53rd of the Aster’s Gloom, 2030 D.C.E
Dbagbo Dominance — Chanda General School
Aarya returned from the cafeteria carrying a stack of boxed lunches.
They were meant for the children in her charge, waiting for her in one of the second floor classrooms of Chanda’s auxiliary school building. She hurried to return to them.
Though she did not like leaving them alone, she had told them to be good while she braved the rains and winds to get them all something to fill their stomachs.
Whistling a song as she climbed the steps she wondered what mischief they must have caused while she was away. They were well-behaved, but still rambunctious.
When she arrived at her classroom she was surprised to find them all in a corner.
They hid away from the windows, their heads down and their arms over their hair.
After seeing the soldiers running hither and thither downstairs she feared the worst.
She felt her chest tighten and her knees shake. Were the imperialists this close?
She dropped the boxes on top of her desk and furtively approached the windows.
Outside she saw only the meadow’s undisturbed fields of red and yellow cosmos flowers, gently swaying and brilliantly glistening from the rain and flashes of lightning.
An exhausted sigh escaped her lips. “Children, don’t worry! I’m here now. Come here.”
Gently, with a warm smile, she urged the children to approach the windows.
Not all of them did — only a few were brave enough. Mostly the older kids. Many of the smaller children stayed in the corner, seated with their backs to the wall and their arms around their knees, looking down at the floor as if to make themselves smaller. Other kids walked a few steps but kept their heads firmly below the aperture of the windows.
“We saw a star flying across the sky Ms. Balarayu!” one girl explained.
“We thought it would fall on the town so we went to hide!” added one of the boys.
Aarya looked out the window again, this time craning her head to the rainy sky.
It might have been artillery fire from Benghu. She had been told that there was a battery stationed there. She didn’t know how many guns that was, and she didn’t know what they were capable of. She supposed if they fired skyward it would be visible on a dark day.
Aarya was not a soldier. She was a teacher. To these children, maybe even a mother.
“Follow me, back to the corner. We’ll turn it from a sad little corner to a happy one.”
She took a little girl and a little boy in hand and the rest followed her. She sat down among those children still pensive on the floor, gently wedging herself in, and extending her arms as far as she could like the wings of a mother bird. All of the children accommodated themselves near her. When everyone was settled, she cleared her throat, and sang a little la la la as if to test her voice, to excite the children. They looked at her suddenly with wide and aware eyes, and clapped their hands in anticipation. She then started to sing actual verse.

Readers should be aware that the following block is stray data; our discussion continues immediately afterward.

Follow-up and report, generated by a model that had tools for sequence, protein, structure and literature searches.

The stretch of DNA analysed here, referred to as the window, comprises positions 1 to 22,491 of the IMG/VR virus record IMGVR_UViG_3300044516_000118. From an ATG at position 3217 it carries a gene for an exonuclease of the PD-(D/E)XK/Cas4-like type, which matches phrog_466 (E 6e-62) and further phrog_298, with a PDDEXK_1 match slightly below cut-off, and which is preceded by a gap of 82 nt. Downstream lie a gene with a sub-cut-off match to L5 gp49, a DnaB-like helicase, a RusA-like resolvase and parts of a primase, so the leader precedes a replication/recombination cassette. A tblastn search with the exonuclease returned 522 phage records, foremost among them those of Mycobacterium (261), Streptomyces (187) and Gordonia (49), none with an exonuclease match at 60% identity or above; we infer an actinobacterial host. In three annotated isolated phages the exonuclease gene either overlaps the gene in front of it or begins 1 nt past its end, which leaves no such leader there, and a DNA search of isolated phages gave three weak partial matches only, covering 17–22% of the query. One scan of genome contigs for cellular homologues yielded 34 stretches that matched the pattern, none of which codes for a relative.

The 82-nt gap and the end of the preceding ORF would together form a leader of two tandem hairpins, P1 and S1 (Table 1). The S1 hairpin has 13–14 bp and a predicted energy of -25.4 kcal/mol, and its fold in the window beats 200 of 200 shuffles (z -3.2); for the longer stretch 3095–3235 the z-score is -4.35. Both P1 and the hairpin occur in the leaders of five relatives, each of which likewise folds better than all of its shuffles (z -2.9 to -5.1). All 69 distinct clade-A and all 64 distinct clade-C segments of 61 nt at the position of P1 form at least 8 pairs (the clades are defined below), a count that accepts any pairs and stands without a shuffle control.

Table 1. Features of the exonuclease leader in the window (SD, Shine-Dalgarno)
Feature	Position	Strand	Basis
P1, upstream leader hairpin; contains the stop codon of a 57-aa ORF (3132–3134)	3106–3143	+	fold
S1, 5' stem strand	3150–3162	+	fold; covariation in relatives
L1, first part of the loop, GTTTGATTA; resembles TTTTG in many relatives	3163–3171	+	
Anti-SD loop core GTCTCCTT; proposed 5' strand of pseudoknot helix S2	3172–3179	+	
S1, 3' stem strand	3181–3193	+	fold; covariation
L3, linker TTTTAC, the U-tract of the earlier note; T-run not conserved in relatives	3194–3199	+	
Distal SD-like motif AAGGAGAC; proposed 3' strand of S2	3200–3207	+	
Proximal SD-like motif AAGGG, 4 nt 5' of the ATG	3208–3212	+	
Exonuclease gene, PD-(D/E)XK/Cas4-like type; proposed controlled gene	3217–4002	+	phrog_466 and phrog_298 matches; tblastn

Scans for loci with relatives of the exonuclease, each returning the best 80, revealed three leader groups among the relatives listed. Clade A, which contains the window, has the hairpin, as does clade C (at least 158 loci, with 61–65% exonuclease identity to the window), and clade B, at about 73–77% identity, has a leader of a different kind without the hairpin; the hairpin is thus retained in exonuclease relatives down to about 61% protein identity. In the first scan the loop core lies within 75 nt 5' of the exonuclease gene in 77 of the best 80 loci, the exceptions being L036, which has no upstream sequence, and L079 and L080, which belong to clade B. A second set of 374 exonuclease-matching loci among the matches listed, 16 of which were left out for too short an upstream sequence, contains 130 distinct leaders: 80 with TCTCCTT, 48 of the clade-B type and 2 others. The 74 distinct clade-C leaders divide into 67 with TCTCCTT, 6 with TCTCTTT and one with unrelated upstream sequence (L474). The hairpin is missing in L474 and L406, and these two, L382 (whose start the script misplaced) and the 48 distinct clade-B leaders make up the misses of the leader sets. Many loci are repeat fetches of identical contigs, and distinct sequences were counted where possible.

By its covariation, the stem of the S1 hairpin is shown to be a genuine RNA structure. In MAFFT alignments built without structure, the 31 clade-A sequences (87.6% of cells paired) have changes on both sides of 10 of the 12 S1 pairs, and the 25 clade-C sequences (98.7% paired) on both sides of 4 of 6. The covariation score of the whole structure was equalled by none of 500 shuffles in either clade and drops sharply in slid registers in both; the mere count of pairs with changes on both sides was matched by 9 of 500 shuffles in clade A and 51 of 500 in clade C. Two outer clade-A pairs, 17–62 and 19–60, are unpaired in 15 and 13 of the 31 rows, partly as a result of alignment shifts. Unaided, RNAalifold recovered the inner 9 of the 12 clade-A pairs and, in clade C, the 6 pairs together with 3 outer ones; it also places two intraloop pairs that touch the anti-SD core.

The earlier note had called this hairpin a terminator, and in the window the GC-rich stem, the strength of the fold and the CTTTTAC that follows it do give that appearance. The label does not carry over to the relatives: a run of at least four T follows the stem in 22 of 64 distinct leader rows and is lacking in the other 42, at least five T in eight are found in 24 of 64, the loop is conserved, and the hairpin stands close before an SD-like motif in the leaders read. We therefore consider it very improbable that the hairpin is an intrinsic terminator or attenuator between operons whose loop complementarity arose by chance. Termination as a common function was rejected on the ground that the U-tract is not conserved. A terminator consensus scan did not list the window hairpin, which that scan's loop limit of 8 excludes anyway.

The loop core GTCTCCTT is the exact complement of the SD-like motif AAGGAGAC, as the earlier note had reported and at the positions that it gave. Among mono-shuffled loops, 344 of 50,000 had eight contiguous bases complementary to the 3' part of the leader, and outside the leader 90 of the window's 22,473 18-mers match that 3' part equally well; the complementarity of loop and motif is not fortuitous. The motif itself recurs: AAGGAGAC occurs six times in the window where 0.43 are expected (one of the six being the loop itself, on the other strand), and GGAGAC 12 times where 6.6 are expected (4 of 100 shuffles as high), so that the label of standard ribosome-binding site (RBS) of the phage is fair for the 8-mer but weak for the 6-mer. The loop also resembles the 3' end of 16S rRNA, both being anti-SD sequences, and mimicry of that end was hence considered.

Whenever the children seemed bored or anxious, Aarya sang old songs to them.
Almost all traditionally Ayvartan songs had a religious origin. When Aarya sang she often sang the Spirit Stories, because as an Arjun it was what she knew. She sang of the beautiful Kanpa whose dancing gathered the wind and clouds and brought rain. She sang of the great calmness and patience of the hero Bakti who sat through the flame of the demon Karna and with his devotion and will survived the onslaught and turned away the beast.
Today she sang the song of Bakti again so they would endure this fire patiently.
Until she became a teacher, Aarya only sang these songs a few times a year in festivals in Benghu, where the temple chorus would open and close the festivities with song.
She never sang alone. There had always been Darshan; and her. She had been by her side too. Today when she sang, she thought she heard her voice in accompaniment.
Current events had brought that remembrance screaming back into her mind.
Of late she had been singing to the children, all by herself, every day.
For many reasons she fretted about doing so.
Innocently the children gathered around her skirt and watched with wide-drawn eyes.
She felt those little eyes and little smiles hanging on every second of her voice.
They loved the stories, and they loved her voice. They started clapping as soon as she stopped. After every song they asked questions. She answered as best as she could to maintain the innocent fancy she saw in their eyes. She answered as if there was a Bakti who withstood a demon or a Kanpa who danced for a king, in this day and age.
Aarya fretted because her singing gave them hope in completely immaterial things.
In real life they could not rely on spirits or magic to turn away Nochtish guns.
It also brought back bittersweet memories. Memories of things undone, incomplete.
But it was all she could do to make the children happy and to keep them healthy.
So she sang. She sang like a genuine prayer. She sang as if to the Spirits themselves.
Aarya had become a teacher because she loved children and loved working with them. Even as a student herself, at this very school, she always helped out with the smaller kids. It was a blessing to be able to protect and nurture them. But it also unsettled her at times.